Meanwhile, credit unions continue to support their communities in many ways. Thanks to their unique, prudent business model of service to their members, they are the best choice for Main Street small businesses. While the coronavirus pandemic tested the nation in many ways, small businesses fought tooth and nail to stay afloat. Credit unions – even those that did not previously offer small business lending – immediately stepped up and went to work on Main Street to deliver financial lifelines to those struggling to make ends meet. Credit unions were, and continue to be, instrumental in helping these small businesses recover.
“It is clear credit unions exert a positive economic influence that helps all consumers, spurs economic growth, and generates federal tax revenue. And our job at NAFCU is to ensure a legislative and regulatory environment that promotes viability and growth for credit unions,” Berger explains.
NAFCU was created in 1967 by a group of credit union CEOs who recognized the need for an association that represents all federally-insured credit unions in Washington, D.C. Since then, with the help of its member credit unions, NAFCU has become the leading credit union advocate with lawmakers, regulators and the Administration.
Over the fifty-five years since NAFCU was founded, the association has continued to build on this strong foundation by remaining steadfast in its beliefs and focus.NAFCU’s mission has remained unchanged: To fiercely advocate on Capitol Hill, at the White House, and with regulators,offer award-winning legal compliance assistance, and curate top-rated educational opportunities—all while providing extreme member service for credit union members.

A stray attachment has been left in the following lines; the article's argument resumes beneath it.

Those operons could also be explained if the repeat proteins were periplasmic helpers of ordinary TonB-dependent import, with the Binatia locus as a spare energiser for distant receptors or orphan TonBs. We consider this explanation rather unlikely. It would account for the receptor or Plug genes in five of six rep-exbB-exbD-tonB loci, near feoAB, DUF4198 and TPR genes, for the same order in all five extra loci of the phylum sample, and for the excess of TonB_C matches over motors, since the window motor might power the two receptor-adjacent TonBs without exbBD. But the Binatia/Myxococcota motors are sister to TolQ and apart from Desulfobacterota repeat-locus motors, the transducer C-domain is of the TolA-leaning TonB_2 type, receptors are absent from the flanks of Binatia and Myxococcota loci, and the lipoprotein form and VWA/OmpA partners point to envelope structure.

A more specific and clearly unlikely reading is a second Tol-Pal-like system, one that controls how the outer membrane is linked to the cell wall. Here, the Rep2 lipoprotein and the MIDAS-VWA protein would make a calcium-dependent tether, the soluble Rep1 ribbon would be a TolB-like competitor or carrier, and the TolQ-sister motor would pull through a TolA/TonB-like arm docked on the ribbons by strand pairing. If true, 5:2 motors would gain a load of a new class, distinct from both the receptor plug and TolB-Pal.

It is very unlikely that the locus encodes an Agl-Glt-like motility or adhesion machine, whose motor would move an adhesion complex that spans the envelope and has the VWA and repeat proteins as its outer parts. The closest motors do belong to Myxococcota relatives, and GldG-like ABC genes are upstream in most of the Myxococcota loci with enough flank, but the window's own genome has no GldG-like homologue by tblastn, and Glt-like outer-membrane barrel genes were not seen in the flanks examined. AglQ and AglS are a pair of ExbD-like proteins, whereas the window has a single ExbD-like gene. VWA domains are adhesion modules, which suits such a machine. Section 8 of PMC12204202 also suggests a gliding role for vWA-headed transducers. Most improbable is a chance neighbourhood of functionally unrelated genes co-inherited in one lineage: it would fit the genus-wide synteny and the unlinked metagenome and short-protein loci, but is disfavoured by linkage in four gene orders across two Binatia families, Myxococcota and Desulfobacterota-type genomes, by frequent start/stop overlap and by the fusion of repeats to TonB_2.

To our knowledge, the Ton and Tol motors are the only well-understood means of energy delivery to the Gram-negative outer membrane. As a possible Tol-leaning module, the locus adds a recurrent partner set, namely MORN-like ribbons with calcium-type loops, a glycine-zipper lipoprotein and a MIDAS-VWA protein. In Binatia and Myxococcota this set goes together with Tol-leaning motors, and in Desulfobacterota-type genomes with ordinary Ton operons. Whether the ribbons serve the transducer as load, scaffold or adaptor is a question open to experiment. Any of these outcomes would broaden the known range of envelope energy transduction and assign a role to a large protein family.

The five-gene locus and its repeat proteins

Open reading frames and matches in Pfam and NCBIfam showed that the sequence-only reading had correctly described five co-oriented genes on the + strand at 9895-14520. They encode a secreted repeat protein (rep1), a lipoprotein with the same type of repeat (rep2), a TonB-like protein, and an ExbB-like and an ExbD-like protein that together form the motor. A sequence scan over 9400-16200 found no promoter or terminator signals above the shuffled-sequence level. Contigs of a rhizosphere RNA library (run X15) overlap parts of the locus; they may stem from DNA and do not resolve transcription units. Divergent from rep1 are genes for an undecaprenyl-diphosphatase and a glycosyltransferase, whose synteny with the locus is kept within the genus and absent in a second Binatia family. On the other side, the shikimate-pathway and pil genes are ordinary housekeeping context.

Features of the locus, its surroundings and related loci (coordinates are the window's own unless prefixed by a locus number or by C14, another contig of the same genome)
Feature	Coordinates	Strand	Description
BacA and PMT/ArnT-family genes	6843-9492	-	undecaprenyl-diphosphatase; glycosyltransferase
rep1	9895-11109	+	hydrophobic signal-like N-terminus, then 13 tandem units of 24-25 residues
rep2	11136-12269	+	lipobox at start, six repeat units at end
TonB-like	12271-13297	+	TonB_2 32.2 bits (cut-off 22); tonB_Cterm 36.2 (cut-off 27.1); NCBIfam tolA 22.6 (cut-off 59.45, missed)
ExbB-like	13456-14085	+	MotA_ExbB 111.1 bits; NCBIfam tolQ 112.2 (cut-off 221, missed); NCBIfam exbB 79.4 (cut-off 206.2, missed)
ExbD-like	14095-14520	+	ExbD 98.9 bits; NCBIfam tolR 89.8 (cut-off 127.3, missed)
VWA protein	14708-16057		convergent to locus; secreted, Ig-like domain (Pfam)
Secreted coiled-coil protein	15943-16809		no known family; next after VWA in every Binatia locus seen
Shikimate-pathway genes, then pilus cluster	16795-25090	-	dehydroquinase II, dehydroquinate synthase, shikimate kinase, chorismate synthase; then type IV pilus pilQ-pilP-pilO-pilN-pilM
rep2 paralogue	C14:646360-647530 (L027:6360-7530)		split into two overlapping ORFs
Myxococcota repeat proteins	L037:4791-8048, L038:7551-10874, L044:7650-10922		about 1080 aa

“We build strong relationships with decision makers in Washington so that we can share the positive stories of credit unions – that have a lasting impact across the Nation’s Capital – every day. Our Legislative Affairs Team spends their days touting credit unions’ not-for-profit, member-owned message throughout the halls of Congress and advocating for legislation that supports the credit union mission,” Berger details.
“We are also in constant communication with federal financial regulators to ensure credit unions have a strong voice with those who write the rules for our nation’s financial institutions. Our Regulatory Affairs Team facilitates meetings between credit union representatives and staff from regulators like the National Credit Union Administration, the Consumer Financial Protection Bureau, the Federal Housing Finance Agency, and more, to guarantee credit union voices are heard and the institutions are protected,” he elaborates.